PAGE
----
Our friend and colleague Kenneth Cmiel passed away on February 2, 2006.
Ken Cmiel was a brilliant scholar whose capacious interests ranged from pop music to global human rights. His first book, Democratic Eloquence: The Fight Over Popular Speech in Nineteenth Century America, explored battles over refining and confining the English language in education, politics, philology, and the popular press. A “learned, imaginative, and very important work of cultural history,” as one review noted, “the most sophisticated and most revealing exploration yet into the complex and tangled relations of ‘high’ and ‘low’ culture in the United States.” His second book, A Home of Another Kind: One Chicago Orphanage and the Tangle of Child Welfare was a “militantly minimalist” shot across the bow of the scholarship on the welfare state; an incisive and heartbreaking examination of social policy as it played out in one institution. More recently, Ken had turned to the global idea of human rights – an intellectually and geographically expansive project that, though now tragically unfinished, has nevertheless made an important impact.
Ken was, without pretence, and in the fullest sense of each word, a scholar and a citizen. His leadership of the University of Iowa Center for Human Rights underscored his determination to understand the world around him, and to change it for better. As a friend and colleague, he was a man of unbridled generosity and extraordinary humility. Behind his Cheshire-cat grin lay both a boundless enthusiasm for the human elements of academic life, and a deep cynicism for the “chore of professional posturing.” In a candid reflection on his profession, Ken captured his own intellectual journey, and offers the rest of us a roadmap for carrying on:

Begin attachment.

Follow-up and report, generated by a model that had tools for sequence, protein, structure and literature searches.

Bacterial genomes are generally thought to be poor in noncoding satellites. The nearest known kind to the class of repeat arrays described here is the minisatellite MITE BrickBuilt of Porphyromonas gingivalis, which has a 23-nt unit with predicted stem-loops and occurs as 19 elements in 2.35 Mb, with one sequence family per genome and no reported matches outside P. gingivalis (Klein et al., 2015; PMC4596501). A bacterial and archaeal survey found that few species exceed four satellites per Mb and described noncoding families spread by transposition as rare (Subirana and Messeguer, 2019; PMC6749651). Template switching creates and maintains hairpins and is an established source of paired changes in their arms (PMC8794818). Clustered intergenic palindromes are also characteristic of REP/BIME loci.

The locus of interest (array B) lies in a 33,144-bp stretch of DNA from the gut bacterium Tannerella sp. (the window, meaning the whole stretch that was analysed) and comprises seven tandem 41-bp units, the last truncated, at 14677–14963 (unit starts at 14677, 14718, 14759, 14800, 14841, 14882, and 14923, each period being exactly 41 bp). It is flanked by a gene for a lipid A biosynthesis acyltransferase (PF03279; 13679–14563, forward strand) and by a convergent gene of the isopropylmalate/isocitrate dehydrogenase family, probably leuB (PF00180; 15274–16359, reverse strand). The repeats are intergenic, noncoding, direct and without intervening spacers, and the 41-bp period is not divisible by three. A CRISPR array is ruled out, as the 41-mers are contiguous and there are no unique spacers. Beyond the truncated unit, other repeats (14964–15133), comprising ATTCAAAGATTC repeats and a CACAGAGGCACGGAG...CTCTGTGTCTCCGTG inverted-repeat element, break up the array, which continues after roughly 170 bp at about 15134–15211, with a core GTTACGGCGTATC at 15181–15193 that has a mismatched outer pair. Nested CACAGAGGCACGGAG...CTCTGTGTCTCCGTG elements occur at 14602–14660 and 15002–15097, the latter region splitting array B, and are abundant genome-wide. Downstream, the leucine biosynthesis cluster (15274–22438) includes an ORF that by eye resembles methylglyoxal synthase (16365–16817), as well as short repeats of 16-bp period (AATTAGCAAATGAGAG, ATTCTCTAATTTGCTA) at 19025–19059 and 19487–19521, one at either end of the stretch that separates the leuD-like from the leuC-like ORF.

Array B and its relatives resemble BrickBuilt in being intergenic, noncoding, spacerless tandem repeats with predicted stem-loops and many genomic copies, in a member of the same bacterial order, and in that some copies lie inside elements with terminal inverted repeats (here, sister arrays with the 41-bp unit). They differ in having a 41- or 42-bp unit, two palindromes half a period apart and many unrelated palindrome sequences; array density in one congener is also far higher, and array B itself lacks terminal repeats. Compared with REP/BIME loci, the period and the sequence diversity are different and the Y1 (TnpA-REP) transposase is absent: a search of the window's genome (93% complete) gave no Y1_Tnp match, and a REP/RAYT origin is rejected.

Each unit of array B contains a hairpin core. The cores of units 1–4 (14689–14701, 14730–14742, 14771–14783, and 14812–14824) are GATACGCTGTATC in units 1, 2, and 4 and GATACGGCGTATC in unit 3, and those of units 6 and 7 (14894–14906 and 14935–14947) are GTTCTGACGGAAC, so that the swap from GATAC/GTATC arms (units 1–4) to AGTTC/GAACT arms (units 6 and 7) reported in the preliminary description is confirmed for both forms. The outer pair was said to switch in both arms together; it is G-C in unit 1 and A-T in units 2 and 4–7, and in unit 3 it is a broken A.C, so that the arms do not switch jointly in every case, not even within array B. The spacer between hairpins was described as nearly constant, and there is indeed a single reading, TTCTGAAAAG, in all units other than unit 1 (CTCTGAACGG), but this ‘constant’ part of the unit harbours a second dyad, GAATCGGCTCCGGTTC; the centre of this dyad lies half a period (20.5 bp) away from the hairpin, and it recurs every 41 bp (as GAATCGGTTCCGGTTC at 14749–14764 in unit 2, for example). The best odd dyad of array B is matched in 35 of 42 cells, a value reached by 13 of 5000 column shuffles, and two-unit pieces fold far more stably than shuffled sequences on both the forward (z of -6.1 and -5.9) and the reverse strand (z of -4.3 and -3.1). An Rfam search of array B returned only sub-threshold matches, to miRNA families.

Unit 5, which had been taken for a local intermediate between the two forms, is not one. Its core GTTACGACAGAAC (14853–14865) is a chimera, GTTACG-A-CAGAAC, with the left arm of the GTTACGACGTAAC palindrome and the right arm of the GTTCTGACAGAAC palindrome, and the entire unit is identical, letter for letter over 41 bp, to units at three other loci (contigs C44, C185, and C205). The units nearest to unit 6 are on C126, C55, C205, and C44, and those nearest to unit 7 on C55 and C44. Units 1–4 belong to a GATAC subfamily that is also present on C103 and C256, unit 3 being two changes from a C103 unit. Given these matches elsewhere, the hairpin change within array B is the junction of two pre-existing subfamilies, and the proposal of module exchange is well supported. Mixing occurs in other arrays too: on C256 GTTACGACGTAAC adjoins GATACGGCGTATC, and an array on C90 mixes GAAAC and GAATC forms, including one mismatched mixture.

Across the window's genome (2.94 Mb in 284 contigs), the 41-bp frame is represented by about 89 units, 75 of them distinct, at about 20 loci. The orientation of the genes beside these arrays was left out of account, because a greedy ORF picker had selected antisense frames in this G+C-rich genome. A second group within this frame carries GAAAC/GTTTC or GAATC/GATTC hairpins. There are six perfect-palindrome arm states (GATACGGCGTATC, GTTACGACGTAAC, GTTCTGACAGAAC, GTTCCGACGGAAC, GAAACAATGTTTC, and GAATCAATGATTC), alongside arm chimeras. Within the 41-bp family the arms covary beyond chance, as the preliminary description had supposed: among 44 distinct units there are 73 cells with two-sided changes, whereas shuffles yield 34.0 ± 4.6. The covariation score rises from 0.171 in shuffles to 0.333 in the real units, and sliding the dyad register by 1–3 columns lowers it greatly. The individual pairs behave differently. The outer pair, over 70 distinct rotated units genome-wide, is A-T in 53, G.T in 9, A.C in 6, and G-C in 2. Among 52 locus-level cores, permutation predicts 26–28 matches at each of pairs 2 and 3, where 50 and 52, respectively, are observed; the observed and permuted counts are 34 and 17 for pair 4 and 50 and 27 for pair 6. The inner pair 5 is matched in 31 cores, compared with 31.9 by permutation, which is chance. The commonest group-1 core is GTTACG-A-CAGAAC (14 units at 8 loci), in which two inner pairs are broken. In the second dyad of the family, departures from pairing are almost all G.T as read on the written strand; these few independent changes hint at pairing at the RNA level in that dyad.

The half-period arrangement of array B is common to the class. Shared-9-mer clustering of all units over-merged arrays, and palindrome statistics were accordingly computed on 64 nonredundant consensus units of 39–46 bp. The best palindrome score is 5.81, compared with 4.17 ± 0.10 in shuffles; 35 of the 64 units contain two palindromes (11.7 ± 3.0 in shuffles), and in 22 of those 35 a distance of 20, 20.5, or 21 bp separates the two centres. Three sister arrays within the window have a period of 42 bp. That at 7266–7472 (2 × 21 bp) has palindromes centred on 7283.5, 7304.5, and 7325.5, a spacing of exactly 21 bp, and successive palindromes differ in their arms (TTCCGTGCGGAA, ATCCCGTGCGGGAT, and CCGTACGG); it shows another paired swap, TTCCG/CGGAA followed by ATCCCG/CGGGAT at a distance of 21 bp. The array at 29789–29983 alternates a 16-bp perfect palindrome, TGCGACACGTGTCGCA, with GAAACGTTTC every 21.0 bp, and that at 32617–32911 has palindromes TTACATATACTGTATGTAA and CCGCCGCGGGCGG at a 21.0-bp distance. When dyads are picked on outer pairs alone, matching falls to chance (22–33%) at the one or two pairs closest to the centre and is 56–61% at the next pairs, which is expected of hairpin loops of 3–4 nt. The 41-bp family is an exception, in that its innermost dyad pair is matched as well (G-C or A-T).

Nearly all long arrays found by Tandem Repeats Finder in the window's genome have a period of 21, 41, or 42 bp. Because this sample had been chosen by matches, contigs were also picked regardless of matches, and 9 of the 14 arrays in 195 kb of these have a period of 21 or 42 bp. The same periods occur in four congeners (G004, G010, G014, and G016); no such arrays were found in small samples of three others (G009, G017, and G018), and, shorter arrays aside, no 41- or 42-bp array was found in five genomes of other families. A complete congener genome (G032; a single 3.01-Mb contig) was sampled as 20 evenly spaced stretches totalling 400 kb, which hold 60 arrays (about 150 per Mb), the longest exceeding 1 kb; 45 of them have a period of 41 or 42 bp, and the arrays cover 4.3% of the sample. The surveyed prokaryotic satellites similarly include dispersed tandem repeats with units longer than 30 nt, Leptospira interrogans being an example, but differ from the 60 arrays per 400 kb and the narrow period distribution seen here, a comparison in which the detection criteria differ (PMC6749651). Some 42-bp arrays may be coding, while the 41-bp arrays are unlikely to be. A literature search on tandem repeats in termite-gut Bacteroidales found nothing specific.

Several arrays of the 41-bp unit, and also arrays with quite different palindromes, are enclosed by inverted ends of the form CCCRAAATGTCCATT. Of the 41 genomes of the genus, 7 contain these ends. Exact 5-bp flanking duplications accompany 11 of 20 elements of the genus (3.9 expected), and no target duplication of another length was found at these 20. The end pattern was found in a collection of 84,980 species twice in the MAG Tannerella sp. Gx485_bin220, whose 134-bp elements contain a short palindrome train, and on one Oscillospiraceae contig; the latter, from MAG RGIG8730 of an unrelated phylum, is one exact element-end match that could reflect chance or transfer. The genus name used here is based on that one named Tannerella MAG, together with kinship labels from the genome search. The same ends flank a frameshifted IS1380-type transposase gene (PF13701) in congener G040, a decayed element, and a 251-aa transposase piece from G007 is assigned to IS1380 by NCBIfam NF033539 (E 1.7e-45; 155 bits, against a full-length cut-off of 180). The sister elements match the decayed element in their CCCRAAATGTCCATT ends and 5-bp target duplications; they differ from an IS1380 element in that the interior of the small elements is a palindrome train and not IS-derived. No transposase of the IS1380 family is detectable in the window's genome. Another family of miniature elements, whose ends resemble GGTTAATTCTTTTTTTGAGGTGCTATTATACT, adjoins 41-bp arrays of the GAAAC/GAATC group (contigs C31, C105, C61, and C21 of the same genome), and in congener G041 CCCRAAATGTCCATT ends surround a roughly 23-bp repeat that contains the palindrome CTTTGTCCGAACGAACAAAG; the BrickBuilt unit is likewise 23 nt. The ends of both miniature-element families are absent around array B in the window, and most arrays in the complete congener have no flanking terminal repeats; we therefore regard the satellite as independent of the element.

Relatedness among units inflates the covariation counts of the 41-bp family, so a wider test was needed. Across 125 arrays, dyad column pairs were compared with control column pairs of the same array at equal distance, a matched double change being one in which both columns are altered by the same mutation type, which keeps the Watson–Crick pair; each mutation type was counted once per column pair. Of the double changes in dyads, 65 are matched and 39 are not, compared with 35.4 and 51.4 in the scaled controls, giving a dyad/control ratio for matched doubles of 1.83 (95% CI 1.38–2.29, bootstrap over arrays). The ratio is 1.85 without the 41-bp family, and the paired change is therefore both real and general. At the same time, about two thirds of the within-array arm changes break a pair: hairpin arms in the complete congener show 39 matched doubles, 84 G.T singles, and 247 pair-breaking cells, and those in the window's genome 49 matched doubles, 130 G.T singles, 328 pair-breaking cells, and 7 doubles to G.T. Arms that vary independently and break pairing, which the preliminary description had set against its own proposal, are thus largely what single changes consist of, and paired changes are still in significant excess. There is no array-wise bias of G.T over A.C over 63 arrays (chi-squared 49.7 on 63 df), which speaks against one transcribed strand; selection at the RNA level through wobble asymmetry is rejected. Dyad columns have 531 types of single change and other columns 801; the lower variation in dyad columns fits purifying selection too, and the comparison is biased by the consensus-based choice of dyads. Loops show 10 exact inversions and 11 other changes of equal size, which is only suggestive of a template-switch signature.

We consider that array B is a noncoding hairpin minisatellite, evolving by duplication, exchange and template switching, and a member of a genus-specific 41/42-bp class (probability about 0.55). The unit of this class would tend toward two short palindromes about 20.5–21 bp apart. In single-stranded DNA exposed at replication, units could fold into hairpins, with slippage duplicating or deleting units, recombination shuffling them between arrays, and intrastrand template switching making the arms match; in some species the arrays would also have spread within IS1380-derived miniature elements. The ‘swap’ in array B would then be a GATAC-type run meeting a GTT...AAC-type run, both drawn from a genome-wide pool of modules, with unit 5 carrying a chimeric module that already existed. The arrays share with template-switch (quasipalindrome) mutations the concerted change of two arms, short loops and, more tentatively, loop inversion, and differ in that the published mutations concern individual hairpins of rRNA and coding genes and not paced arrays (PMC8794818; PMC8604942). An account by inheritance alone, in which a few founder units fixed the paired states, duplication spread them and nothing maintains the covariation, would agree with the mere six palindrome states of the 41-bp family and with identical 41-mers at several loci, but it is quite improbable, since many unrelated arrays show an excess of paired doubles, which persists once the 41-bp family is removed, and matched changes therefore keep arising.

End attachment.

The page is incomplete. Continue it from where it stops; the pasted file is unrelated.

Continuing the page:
Teach classes that are meaningful to you and that engage that portion of your students that are reachable. Ignore, in other words, the very idea of professional wisdom. Only write what you want to write. Once you have job security (which I know is a huge barrier) don’t write if you don’t want to. Write for media directed at non-historians, whether that be the local newspaper or fancy national magazines. Write for other academic disciplines. Explore other media than the printed word. Ignoring what the profession rewards might very well be a mark of sanity at the close of the twentieth century.
In April 2000, Ken participated in a symposium at the Library of Congress: Poetry and the American People: Reading, Voice, and Publication in the 19th and 20th Centuries. A “cybercast” of this event is archived at http://www.loc.gov/locvideo/cybercast/. Ken’s contribution starts about a minute and a half into the video; he speaks for about 15 minutes, and it is very much Ken.
"Talking About Truth," Modern Intellectual History, 1, 2 (2004), 293-304.
"The Recent History of Human Rights," American Historical Review (February 2004), 117-135.
"The Emergence of Human Rights Politics in the United States," The Journal of American History, Vol. 86, No. 3, The Nation and Beyond: Transnational Perspectives on United States History: A Special Issue (December 1999), 1231-1250.
"Talking It Over," Reviews in American History Vol. 27, No. 1 (March 1999), 156-162.
"The Fate of the Nation and the Withering of the State," American Literary History, Vol. 8, No. 1 (Spring, 1996), 184.202.
"Destiny and Amnesia: The Vision of Modernity in Robert Wiebe's The Search for Order," Reviews in American History, Vol. 21, No. 2 (June 1993), 352-368.
"'A Broad Fluid Language of Democracy': Discovering the American Idiom," The Journal of American History, Vol. 79, No. 3, Discovering America: A Special Issue (December 1992), 913-936.
"After Objectivity: What Comes Next in History?," American Literary History, Vol. 2, No. 1 (Spring, 1990), 170-181.
"Be a Man!," Reviews in American History, Vol. 18, No. 1 (March 1990), 50-54.